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The Sicilian Dialect

Sicilian dialect belongs to Romance languages group as all other Italian dialects. However, centuries of foreign occupation have exposed it to linguistic influences from several different sources, including Albanian, Arabic, French, Greek, Norman, Spanish languages, and northern Italian dialects.

The grammatical structure of Sicilian dialect is somewhat different from standard Italian: the future tense is always absent and it’s replaced by expressions like “I have to do something”. The simple past (a literary form in standard Italian) is used in place of past perfect in everyday speech. Pronunciation is difficult, and it’s commonly claimed that only Sicilians can pronounce the double “d” regularly replacing the standard Italian double “l” (as in the typical exclamation “Bedda Matri!” commonly used to express irritation).

Sicilian is also coloured with a rich range of metaphors and proverbs coming from different cultures. The English saying “All things in moderation”, in Sicilian reads Nun essiri duci sinno ti mancianu, nun essiri amaru sinno ti futtinu (Don’t be too sweet lest you be eaten, don’t be too sour lest you be shunned). The Sicilian version of the English proverb “Make the most of what you’ve got” is Camina chi pantofuli fino a quannu nun hai i scarpi (Walk in your slippers until you find your shoes).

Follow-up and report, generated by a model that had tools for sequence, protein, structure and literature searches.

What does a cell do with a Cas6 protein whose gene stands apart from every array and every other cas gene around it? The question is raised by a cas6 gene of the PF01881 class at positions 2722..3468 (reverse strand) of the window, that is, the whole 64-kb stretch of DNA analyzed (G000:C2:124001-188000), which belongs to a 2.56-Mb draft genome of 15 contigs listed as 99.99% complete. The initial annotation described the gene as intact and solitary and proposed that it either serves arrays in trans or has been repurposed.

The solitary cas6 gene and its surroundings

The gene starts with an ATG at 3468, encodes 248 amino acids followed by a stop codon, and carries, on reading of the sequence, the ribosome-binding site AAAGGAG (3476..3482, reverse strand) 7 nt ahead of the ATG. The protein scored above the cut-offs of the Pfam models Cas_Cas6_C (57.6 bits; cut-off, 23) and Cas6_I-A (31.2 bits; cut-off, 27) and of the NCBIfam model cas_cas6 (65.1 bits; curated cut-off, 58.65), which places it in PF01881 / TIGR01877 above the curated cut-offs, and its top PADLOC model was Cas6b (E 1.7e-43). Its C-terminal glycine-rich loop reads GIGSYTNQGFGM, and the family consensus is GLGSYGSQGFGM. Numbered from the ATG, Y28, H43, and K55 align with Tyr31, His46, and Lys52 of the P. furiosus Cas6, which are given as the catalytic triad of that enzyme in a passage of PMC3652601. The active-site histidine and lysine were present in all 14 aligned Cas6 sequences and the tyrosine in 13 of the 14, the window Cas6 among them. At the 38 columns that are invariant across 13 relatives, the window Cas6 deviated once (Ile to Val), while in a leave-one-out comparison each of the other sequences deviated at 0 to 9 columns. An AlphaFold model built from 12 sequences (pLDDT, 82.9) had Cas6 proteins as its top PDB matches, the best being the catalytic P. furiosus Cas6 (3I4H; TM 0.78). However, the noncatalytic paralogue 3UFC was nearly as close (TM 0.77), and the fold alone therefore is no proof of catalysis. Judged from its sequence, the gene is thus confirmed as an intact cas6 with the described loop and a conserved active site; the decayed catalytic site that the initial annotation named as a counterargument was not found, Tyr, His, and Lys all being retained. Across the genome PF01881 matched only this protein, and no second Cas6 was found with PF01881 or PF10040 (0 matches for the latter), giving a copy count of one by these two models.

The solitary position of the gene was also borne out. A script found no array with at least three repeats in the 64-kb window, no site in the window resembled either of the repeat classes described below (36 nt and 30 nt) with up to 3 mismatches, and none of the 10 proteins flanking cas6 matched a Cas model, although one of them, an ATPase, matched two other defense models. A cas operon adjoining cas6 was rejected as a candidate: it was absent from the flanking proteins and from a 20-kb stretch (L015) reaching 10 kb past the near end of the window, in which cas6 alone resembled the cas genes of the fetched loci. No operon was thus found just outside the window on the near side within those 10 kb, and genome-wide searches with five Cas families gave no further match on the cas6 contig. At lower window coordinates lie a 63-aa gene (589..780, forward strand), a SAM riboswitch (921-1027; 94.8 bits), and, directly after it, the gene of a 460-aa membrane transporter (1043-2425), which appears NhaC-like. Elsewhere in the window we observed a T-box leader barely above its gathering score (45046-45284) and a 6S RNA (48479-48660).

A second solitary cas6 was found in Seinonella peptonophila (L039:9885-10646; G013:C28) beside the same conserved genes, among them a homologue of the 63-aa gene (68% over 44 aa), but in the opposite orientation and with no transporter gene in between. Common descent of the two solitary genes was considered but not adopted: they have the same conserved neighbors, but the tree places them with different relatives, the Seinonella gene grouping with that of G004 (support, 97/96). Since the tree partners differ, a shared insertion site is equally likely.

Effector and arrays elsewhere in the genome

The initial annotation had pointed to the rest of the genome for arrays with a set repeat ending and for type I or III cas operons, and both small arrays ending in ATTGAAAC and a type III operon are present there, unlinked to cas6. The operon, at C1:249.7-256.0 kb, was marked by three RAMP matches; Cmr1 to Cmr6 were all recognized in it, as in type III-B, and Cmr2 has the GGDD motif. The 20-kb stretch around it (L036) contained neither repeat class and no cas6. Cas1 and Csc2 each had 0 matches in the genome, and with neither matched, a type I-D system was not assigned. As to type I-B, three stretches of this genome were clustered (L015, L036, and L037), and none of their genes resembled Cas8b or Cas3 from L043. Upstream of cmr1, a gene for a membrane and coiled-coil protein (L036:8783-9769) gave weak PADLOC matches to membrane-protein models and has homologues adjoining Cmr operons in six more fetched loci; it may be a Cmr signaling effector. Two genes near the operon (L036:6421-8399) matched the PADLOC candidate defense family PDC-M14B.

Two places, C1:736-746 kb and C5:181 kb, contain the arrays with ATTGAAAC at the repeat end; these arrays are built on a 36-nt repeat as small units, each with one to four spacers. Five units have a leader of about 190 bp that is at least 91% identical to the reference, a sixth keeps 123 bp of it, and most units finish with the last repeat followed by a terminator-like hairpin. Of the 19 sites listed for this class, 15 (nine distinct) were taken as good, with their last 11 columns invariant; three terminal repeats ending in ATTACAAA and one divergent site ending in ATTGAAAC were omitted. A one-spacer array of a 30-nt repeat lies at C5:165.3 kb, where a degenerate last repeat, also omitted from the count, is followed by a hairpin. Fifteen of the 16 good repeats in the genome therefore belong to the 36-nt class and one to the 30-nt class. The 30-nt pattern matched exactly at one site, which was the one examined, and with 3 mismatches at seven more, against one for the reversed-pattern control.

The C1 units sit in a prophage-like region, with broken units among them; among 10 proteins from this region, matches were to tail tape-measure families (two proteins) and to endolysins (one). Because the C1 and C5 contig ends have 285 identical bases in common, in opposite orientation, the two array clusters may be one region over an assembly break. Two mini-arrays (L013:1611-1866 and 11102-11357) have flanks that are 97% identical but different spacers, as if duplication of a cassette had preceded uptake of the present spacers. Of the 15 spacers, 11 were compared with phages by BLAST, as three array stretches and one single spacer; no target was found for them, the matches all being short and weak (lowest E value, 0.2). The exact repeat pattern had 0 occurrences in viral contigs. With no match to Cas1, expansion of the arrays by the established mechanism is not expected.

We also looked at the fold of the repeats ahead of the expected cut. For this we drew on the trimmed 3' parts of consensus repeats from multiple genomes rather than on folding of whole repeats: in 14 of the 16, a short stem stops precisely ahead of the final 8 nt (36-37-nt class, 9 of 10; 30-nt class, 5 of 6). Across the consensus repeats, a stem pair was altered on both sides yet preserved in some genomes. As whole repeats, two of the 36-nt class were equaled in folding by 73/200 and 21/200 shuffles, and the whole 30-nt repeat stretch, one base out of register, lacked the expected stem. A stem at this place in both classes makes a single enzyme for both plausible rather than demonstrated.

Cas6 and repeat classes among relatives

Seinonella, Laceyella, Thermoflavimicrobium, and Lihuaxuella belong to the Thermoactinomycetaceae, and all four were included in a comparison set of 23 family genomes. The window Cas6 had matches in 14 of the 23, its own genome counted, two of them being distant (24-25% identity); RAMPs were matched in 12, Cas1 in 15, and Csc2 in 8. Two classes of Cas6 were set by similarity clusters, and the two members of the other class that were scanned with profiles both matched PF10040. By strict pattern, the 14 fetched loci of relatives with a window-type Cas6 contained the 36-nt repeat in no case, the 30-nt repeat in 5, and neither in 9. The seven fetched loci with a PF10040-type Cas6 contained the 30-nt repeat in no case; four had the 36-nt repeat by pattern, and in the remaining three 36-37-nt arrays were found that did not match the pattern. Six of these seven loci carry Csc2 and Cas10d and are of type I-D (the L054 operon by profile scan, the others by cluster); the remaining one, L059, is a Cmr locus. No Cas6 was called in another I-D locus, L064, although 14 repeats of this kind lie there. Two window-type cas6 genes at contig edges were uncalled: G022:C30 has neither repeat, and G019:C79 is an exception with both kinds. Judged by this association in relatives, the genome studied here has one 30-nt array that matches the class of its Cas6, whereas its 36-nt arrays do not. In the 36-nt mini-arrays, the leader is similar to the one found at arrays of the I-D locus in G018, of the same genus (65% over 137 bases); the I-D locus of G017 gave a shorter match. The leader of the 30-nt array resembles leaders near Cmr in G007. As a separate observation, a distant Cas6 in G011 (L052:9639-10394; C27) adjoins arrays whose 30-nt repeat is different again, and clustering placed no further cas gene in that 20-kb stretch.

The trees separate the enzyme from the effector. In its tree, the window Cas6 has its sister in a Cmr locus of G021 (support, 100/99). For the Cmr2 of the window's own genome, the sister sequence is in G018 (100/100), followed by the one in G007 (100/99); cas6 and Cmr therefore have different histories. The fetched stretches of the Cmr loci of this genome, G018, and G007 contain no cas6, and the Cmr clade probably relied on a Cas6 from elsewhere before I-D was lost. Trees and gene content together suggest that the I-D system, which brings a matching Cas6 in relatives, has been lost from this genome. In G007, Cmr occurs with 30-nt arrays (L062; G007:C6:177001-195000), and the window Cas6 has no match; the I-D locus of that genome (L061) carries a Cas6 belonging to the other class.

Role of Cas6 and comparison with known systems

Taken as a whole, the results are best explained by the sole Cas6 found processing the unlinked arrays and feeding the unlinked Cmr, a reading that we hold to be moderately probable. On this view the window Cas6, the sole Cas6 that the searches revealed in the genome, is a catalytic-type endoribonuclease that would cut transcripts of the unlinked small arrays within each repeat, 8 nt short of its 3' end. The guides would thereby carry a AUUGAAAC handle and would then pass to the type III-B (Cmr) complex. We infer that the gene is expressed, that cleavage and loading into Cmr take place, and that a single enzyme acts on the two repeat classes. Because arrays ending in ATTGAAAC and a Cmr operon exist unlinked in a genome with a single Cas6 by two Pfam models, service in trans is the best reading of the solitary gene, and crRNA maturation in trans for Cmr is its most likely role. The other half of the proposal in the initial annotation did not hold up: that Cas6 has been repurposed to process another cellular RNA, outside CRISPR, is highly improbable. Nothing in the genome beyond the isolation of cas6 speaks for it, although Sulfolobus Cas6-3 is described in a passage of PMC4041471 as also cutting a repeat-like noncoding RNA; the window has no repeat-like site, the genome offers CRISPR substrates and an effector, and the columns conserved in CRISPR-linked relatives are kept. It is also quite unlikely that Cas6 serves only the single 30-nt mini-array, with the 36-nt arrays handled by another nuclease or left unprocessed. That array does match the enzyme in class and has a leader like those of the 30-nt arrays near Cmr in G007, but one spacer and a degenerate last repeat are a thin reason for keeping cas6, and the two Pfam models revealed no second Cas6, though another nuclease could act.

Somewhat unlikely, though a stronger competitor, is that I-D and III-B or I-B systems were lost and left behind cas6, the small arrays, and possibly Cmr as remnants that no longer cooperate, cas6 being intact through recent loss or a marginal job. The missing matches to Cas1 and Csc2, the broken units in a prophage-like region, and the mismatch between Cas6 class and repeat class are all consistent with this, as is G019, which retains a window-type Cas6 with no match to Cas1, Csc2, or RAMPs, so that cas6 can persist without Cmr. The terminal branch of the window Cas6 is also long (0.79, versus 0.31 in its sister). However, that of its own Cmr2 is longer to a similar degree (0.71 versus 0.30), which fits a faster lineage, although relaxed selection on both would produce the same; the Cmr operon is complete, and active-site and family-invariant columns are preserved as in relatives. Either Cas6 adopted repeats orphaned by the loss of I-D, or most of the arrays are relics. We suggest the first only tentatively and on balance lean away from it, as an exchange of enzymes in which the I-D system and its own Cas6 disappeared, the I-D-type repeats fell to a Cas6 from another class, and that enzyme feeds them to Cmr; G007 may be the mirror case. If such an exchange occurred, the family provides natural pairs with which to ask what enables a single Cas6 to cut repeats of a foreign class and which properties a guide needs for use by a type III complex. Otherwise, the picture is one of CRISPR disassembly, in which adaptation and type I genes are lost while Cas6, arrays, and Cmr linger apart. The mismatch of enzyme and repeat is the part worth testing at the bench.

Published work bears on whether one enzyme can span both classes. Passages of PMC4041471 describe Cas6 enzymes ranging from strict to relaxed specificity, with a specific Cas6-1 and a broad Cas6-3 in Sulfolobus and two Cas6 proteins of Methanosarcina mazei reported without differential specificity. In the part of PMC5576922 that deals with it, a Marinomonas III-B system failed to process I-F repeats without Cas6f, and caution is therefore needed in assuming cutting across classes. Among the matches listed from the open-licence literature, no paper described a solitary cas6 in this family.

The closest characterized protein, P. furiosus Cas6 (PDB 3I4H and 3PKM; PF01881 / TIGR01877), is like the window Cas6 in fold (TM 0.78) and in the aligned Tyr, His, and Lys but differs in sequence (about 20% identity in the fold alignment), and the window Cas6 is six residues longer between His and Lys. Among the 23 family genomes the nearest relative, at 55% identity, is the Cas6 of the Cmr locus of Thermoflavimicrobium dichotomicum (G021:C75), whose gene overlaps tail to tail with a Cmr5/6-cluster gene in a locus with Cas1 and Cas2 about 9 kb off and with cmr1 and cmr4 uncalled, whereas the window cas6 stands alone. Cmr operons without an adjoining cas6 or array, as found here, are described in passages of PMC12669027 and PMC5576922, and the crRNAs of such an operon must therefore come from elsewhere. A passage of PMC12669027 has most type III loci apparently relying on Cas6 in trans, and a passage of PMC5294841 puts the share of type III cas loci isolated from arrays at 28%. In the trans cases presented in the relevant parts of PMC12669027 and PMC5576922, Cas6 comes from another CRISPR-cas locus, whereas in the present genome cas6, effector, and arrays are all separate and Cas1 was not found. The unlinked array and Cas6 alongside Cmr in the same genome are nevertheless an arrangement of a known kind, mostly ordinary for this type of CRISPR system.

Sicilians are also known for their epithets, which are used as insults of varying gravity in a range of situations. The more frequent and diffused Sicilian insult is figgh’i buttana (“son of a bitch”, which is a serious offence, given the importance Sicilian attribute to their mothers). If you consider someone careless or absent-minded, you refer to them as stunati; if there’s an excess of drink involved, it’s most likely that they’re scribbi di patata - literally, taken over by the “spirit of the potato”, a reference to the distillation of some alcoholic drink from that vegetable. If you want to curse someone, you refer to them as having u mal’occhio (the evil eye), and if you really want to slander a Sicilian man, call him arruso - meaning “omosexual” (serious offence jeering at the boasted sexual potency, exclusively female-oriented, of Sicilian men - or refer to him as cornuto (with horns), meaning that he is a cuckold. While not an exclusively Sicilian insult, it suggests the worst loss of honour a Sicilina man can face - so beware of the man at whom you direct it!

Negotiating in Sicilian

Elder people chatting in dialect

Speakig Sicilian

Seniors chatting in the Sicilian dialect

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